I only learned about the Telegram messages yesterday night. A thousand-plus Mauritian men on a Telegram chat group, showing, selling, buying naked pictures of women – their partners, wives, exes, sisters, daughters, little girls, little boys. Sharing contact details of these women and girls, where they work, live, study. They also share the profiles of random women, ask if other users have their naked pictures, or – failing that – if they can collate these women’s faces to naked bodies using deepfake technology.
I looked up what was happening on the news, and saw to my immense disgust that the male perpetrators were almost an afterthought in the on-going coverage of the leaks. The focus of one video by a reputed media outlet, for instance, was on underage girls selling their pictures (‘what were their parents doing?’); this issue was even conflated with consenting adult women who sell their photos online (adult sex work is of course absolutely fine, but not to this outlet).
I was reminded of this fantastic piece by Anne Enright:
Men do not just disappear in court, they disappear from the discussion, they disappear from the language we use. Rape is described as “a women’s issue”. We speak of “women’s safety concerns”, not “concerns about men’s violence”. We call it “an abusive relationship” as though the relationship were doing the abusing, or an “abusive home” as though the walls were insulting the occupants for fun. The notorious line “she was asking for it” is not so different to “a woman was raped”; both take the rapist out of the sentence.
Male agency is routinely removed from descriptions of male violence, and this helps men get away with it.
So far only one prominent politician has publicly condemned the men on the Telegram group and voiced their support for the victims – Joanna Berenger. All the power to her. For the rest, it seems like this is very much a non-issue, to be relegated to social media and the scandalous pages of the news.
Toxic masculinity in this country is near-absolute. It is mundane. It is routine. It is banal.
A man’s image will not be marred if it is known that he beats his wife and calls women whores in public – just look at our former Prime Minister. Not even paedophilia can fire a man from his job: take the case of the editor-in-chief of Mauritius’ biggest paper, who was accused of incest and paedophilia three years ago and who still hasn’t been sacked. Bien au contraire.
Platforms are routinely given to the astoundingly ignorant. A ludicrously sexist column in a newspaper drove me to write about Mauritius’ entrenched misogyny in an essay for the LA Review of Books in 2019. I remember the aftermath of the piece: so many thoroughly racist, misogynistic men inundated my timeline, angry at me for calling them the ‘alt-right’ (they thought they were somehow ‘intellectual’). My photo ended up on a Neo-Nazi website. Nazis analysed the shape of my nose, wondered if I was a ‘Jewess’.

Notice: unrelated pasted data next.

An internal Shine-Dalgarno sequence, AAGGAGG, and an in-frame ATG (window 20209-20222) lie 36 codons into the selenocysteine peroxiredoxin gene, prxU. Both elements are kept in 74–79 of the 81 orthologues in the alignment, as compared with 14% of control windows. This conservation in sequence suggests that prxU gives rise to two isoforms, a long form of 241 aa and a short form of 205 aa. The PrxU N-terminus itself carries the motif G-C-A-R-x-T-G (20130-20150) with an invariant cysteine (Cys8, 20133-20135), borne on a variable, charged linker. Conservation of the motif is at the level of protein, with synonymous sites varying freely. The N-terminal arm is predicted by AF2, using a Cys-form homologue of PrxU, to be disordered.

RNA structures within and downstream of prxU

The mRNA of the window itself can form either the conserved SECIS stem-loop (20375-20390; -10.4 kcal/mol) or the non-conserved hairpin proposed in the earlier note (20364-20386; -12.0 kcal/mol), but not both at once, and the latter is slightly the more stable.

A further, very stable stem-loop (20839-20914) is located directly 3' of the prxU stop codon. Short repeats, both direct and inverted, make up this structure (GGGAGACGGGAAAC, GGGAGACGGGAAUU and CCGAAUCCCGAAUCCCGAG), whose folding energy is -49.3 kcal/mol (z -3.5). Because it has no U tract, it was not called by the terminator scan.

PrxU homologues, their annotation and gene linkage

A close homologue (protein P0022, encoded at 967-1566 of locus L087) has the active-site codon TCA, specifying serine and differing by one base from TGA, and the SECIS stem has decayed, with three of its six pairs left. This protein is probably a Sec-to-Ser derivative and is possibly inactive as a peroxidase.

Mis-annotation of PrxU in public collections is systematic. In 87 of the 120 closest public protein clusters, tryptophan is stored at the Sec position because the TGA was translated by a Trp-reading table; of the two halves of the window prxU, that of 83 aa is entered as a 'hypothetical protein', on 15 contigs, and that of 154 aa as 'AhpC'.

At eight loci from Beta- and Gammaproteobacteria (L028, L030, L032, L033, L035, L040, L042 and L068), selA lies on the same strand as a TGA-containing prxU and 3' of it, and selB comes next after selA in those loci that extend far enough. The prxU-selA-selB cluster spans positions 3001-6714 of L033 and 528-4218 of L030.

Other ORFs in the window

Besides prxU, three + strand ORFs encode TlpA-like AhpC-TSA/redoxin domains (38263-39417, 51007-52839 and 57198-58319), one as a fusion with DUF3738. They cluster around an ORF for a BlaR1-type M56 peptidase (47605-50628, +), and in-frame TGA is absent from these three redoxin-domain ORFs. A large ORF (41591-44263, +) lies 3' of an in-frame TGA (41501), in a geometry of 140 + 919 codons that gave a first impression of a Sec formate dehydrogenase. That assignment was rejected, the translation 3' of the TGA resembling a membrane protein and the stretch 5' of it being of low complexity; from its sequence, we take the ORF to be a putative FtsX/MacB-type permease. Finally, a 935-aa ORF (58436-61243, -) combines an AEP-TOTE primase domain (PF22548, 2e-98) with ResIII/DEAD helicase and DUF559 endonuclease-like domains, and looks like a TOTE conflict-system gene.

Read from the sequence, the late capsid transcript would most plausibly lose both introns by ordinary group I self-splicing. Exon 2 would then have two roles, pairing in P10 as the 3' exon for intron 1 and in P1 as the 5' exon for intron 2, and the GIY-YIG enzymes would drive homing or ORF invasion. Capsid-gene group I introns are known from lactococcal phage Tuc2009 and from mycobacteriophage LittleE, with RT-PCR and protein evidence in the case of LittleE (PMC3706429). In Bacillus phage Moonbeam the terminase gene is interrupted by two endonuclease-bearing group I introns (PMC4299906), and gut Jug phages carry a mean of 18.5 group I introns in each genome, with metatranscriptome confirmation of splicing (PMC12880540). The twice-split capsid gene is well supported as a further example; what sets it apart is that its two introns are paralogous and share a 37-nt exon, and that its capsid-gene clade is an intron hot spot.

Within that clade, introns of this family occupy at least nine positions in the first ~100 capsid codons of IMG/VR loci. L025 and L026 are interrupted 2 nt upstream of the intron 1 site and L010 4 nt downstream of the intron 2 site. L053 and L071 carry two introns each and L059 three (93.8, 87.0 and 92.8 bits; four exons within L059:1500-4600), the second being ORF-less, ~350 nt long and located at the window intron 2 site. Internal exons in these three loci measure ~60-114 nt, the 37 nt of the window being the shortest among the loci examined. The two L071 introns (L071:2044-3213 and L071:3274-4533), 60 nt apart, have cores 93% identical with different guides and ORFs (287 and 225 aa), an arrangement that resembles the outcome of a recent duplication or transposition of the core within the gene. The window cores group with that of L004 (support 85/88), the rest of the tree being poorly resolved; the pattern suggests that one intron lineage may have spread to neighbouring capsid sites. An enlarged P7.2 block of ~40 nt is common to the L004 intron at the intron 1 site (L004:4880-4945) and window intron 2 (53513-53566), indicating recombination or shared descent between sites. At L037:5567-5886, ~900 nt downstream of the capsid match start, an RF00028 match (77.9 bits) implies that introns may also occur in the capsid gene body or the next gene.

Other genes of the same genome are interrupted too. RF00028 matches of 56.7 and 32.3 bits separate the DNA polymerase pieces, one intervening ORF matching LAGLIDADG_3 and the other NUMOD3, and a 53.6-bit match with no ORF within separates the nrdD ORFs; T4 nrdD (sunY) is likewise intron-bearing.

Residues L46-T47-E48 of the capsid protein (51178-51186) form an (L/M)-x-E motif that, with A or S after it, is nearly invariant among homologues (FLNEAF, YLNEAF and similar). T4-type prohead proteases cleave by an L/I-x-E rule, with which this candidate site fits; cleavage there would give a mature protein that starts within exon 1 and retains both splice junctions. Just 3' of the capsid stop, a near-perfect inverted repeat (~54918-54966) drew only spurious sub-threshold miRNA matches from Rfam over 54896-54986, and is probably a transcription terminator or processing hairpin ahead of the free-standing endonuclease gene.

I reread my essay before I wrote this, wondering if anything had changed for the better here. Almost nothing has, except for the fact that, happily, the discourse around feminism in Mauritius is becoming mainstream thanks to platforms like #MeTooMauritius and feminist influencers like Coralie MK.
I thought about my ex-friend, the one who became so engrossed with Jordan Peterson and a number of alt-right ‘celebrities’, who found passing internet fame with his ‘ironic’ vitriol. I wondered again about some women I know who stayed friends with him, shared his posts sometimes. Did they think that they were somehow excluded from his misogyny because of their friendship? Or did they think it wasn’t that much of a problem? Where would they draw the line?
As I type I’m looking at some of the reactions to the Telegram Leaks. There are excellent Mauritian influencers and personalities who are using their platforms to teach their audience about consent, on the legal options available to victims and so forth. There are also many women who think that some of the victims deserved to have their photos shared, because they were ‘shaking their asses’ (as per one commenter) on social media anyway. They echo some of the men who – publicly on Facebook! after they’d been outed! with *no shame whatsoever*! – that the victims were in heat, that they deserved it. No arrests have been made so far. This just goes to show the magnitude of the work we have laid out in front of us.
Sabrina and I are compiling a list of gender-based crimes in Mauritius – femicide, rape, abuse, violence reported in the news. There have been approximately 30 crimes against women reported in the newspapers in the country from Jan 1- February 28. 30 reported crimes in 58 days. One crime almost every other day. Now imagine what happens in private, what isn’t reported. Here – and it seems, like everywhere in the world at the moment – the police will harm more than help.
Stay safe. Solidarity.